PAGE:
I was in my first year of graduate economics in 1965 when the pillar of conservative economics, Milton Friedman, famously said, “We are all Keynesians now.”
Well, that settles that, I mistakenly thought.
Turns out, the news was inconvenient for conservatives because Keynesian economics justifies government intervention when the economy goes to hell in a handbasket.
Conservatives don’t like government intervention unless it is to subsidize the oil industry. So they have resurrected an older economic theory that says problems solve themselves – the Austrian School of Economics. Our own congressman, Rep. John Campbell, espouses it, along with presidential candidate Ron Paul and CNBC commentator Rick Santelli, who coined the term “Tea Party.” Lots of so-called supply-siders embrace it, too.
The Austrian School is based on the pseudo-science of praxeology. If that doesn’t scare you or put you to sleep, you’ve probably forgotten those 8 a.m. Saturday classes you had as a freshman. Essentially, praxeology argues that individuals behave rationally and everything will be OK if you just get out of their way.
Check your own family to test this theory. I have, and, while I love my wife and children dearly, they have shown over the years that there are flaws in the Austrian theory of rational behavior.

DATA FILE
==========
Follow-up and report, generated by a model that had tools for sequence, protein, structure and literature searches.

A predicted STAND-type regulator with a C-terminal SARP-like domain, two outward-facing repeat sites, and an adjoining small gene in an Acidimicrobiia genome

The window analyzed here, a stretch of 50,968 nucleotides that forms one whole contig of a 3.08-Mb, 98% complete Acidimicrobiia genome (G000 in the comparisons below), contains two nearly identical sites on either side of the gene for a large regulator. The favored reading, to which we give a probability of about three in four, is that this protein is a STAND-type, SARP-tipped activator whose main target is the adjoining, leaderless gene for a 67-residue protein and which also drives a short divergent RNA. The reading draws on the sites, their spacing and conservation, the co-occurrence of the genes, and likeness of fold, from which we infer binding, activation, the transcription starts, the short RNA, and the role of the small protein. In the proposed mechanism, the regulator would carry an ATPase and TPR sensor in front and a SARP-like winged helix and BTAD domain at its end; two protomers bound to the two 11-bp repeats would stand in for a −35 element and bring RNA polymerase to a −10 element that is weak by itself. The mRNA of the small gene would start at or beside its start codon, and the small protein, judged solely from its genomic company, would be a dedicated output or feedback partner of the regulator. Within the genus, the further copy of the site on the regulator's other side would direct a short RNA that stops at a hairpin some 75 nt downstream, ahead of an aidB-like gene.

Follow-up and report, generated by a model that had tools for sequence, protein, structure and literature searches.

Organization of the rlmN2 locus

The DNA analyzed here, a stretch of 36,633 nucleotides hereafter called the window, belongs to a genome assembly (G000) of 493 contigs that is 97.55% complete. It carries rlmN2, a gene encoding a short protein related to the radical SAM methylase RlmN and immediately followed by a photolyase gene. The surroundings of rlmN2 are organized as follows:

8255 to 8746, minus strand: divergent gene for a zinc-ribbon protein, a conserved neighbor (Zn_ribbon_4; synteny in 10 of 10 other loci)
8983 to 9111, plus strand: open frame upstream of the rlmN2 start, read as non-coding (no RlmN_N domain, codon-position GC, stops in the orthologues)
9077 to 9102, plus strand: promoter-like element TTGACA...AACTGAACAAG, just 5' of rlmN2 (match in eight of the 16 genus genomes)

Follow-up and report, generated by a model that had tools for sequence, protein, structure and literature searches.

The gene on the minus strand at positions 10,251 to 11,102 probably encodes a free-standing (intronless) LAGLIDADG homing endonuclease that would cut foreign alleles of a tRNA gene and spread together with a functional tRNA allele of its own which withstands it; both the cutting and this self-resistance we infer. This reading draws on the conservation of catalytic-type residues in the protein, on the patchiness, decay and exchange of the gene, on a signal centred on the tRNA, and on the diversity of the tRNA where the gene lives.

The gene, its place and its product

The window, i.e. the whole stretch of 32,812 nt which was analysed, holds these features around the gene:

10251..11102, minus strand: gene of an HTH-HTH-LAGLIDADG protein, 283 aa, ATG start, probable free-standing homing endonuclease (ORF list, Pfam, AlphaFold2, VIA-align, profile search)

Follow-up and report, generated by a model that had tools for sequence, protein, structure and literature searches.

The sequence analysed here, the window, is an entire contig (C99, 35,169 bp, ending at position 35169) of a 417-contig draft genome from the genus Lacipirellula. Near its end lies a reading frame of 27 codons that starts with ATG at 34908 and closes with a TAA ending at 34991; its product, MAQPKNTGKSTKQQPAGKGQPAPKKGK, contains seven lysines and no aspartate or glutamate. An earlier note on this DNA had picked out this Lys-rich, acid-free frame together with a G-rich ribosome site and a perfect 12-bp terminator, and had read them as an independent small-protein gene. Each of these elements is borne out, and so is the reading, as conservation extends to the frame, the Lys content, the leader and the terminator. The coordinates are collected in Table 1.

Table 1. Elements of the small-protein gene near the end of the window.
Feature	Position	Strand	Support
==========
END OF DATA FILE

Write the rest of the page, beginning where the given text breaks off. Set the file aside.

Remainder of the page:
A second problem for conservatives is that facts get in the way of their theory. That’s what happened in 1929, when the Depression hit. The Austrian School promised that if we did nothing, a gale of creative destruction would automatically fix the economy (see Austrian economist Joseph Schumpeter for details).
That’s pretty much what President Hoover did back then – let markets run their course. Well, we certainly got the destruction the Austrians promised – but facts are facts, and the fact is the economy didn’t fix itself.
Keynes then came along with a new theory that actually explained what the Austrian School could not. Most economists have been fact-based number crunchers ever since.
In rebuttal, the Austrian School argues we can ignore the facts. The real world, they say, is too complex to accurately measure facts. Now that conservatives can ignore the facts, it is very difficult to argue with them. We liberals have the same problem with conservatives when we want to bring up evolution or climate change.
Me, I don’t believe every economic problem solves itself, and I’m old enough to remember Sgt. Joe Friday on “Dragnet”: “Just the facts, ma’am.”